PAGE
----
A Saharan Dust Plume made its way to the Garden City of Belmopan earlier this morning. US experts reported that the Dust would have made its way across the Caribbean as early as Wednesday. They reported that while it is a yearly phenomenon, this year is a unique one since the plumes are said to contain the highest concentration of particles in the past 50-60 years. Apart from providing spectacular sunrises and sunsets, lowering visibility and reducing air quality, the Saharan Dust can also trigger allergies. This image was shared courtesy of Dioni Marin Photography. The Reporter
"The much-anticipated Saharan dust plume is now making its more than 5,000-mile trek across the Atlantic to the United States.
The thick dust is clearly visible on satellite imagery, too. You can make it out by the brown sheen spreading off the African coast. It's so dense it's making it almost hard to tell where the continent ends and the ocean begins!"- CNN
Wear your mask, try to limit outdoor activities. Drink plenty of water. Asthmatic people keep your pumps with you. Employers please have mercy on your employees with allergies, asthma and respiratory problems. Be considerate. Stay safe and healthy Belize.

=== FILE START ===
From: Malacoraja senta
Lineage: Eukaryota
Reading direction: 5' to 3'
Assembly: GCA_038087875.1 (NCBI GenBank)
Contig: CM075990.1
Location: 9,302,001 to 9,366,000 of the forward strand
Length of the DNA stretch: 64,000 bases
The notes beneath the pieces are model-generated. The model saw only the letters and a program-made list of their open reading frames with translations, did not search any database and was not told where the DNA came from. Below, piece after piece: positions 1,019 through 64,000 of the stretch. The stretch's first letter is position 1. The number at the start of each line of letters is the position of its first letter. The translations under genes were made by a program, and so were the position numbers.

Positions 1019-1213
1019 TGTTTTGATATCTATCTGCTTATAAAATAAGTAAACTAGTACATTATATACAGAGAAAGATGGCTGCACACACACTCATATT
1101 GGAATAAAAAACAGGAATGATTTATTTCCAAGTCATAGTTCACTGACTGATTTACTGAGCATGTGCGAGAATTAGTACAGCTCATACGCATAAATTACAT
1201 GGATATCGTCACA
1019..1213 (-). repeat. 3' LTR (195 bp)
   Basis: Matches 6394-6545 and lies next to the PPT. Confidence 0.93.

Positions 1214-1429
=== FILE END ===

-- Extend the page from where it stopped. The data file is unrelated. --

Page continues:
This morning I'm looking over the Bay of Corozal, the arrival of the Massive Saharan Dust Cloud which is moving in our area at this time. This morning it looks gloomy across the Bay. Photos by Belize Scoop
A giant plume of Saharan dust on a 5,000-mile journey is expected to drift across the southeastern United States this week at altitudes between 20,000 and 30,000 feet, bringing enhanced sunrises and potentially suppressing storm formation.
Because it is a dry layer of air, the dust helps suppress the development of tropical systems, according to the National Weather Service.
The dry nature of the air mass that originates from the Sahara limits thunderstorm and cloud development, which are needed for the development of tropical cyclones.
San Pedro.... Photo by Jorge Aldana